Health
 Kenya
Project #15846

Training Health Workers in Kenya Saves Lives

by IntraHealth International
Vetted

The Afya Elimu Fund, Swahili for Health Education, provided loans to students in Kenya who were interested in pursuing an education in health care. Like many countries around the world, Kenya has a serious shortage of health workers. There is only 1 doctor, nurse, or midwife for every 1,000 people, less than half the minimum recommended by the World Health Organization. The deficit is even worse in hard-to-reach areas since most health workers prefer to live and work in urban areas.

IntraHealth International has been helping Kenya strengthening the country’s systems to train, manage, recruit, post, and retain a high-quality and equitably distributed health workforce. While there are still not enough qualified workers to make high-quality services available to everyone, this project has had a positive impact and increased the number of health workers in Kenya. This project has come to a close but it is our hope that the students who received training will inspire others to seek similar opportunities.

IntraHealth is extremely appreciative of the support this project received. We encourage our donors and supports to check out our other project on Global Giving, “Restore Dignity to Women in Mali.” Please also follow us on Facebook (https://www.facebook.com/IntraHealth/?fref=ts) and Twitter (@IntraHealth). You can also stay in touch by signing up for our newsletter: http://intrahealth.us1.list-manage.com/subscribe?u=24ebd0d55aceda622cfea925c&id=c460ab6686.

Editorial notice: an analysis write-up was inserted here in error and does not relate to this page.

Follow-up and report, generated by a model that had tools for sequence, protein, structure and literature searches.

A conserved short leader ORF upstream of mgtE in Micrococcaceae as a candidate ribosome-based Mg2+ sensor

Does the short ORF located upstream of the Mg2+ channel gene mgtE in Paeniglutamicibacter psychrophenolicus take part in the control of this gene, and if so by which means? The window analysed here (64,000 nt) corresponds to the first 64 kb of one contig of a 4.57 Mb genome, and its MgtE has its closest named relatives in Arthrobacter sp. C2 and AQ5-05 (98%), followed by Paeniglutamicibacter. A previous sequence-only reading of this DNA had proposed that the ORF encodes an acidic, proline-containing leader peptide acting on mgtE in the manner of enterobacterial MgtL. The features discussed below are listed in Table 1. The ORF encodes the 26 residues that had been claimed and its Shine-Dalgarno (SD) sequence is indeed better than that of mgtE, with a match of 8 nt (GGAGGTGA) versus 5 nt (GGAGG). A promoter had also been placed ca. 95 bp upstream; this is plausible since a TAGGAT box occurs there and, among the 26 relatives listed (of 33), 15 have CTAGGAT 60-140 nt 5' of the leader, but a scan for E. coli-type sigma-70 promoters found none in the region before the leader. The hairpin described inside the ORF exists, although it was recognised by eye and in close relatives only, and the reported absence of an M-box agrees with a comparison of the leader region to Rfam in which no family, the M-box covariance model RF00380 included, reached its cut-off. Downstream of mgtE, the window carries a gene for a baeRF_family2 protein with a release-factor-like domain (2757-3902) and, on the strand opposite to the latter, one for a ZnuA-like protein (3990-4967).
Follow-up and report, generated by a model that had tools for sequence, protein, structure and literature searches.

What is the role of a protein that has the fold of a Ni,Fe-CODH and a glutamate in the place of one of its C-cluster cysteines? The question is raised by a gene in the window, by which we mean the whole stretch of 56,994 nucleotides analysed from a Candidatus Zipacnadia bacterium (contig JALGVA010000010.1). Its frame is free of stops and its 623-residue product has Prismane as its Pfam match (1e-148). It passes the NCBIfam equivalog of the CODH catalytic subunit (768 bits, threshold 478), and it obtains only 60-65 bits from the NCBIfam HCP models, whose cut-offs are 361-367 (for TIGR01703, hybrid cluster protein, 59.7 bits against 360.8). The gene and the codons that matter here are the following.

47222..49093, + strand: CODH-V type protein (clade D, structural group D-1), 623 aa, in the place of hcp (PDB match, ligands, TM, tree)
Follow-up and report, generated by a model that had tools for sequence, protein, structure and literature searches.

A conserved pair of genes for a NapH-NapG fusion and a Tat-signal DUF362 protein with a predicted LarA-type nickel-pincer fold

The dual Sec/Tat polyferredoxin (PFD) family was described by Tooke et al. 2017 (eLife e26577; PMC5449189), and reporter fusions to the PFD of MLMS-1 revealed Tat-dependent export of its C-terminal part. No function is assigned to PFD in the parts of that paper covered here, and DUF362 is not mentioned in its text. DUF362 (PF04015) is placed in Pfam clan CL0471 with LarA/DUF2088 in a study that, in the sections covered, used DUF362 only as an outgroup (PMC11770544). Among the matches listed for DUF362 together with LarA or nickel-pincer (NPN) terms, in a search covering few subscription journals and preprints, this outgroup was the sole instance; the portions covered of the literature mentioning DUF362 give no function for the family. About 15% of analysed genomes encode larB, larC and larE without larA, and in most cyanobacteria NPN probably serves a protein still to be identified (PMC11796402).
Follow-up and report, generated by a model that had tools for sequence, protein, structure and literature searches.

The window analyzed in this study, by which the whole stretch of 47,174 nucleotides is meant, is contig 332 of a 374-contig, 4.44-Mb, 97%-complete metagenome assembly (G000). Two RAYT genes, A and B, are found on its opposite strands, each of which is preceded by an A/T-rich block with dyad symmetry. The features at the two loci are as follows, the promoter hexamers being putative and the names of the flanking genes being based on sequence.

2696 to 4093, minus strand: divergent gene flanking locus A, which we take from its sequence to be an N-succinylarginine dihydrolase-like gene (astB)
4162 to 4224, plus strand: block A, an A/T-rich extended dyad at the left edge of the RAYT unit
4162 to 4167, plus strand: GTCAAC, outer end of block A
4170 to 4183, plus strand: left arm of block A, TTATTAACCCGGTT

Off the smooth Nairobi-Meru highway, at the busy Karaba Trading Centre and Market, begins the rough and dusty road to Mbonzuki Dispensary. The temperatures are high and the wind is gusty. Come the rainy season, the road becomes impassable except by foot or heavily levied motorbike.

Pauline is one of the two health workers who run the facility and provide health care for Mbonzuki Village, a very remote part of Kenya’s Embu County. Pauline is a registered community health nurse who provides family planning services, immunizations, prescribes and dispenses medications, delivers babies, and oversees the facility’s comprehensive care center helping HIV-positive clients and counseling them on the importance of taking their antiretroviral drugs. Before Pauline came to Mbonzuki the dispensary just had one employee—Paul—who cared for a population of about 10,000 by himself.

Kenya has a serious shortage of health workers. There is only 1 doctor, nurse, or midwife for every 1,000 people, less than half the minimum recommended by the World Health Organization. The deficit is even worse in hard-to-reach areas like Mbonzuki Village since most health workers prefer to live and work in urban areas.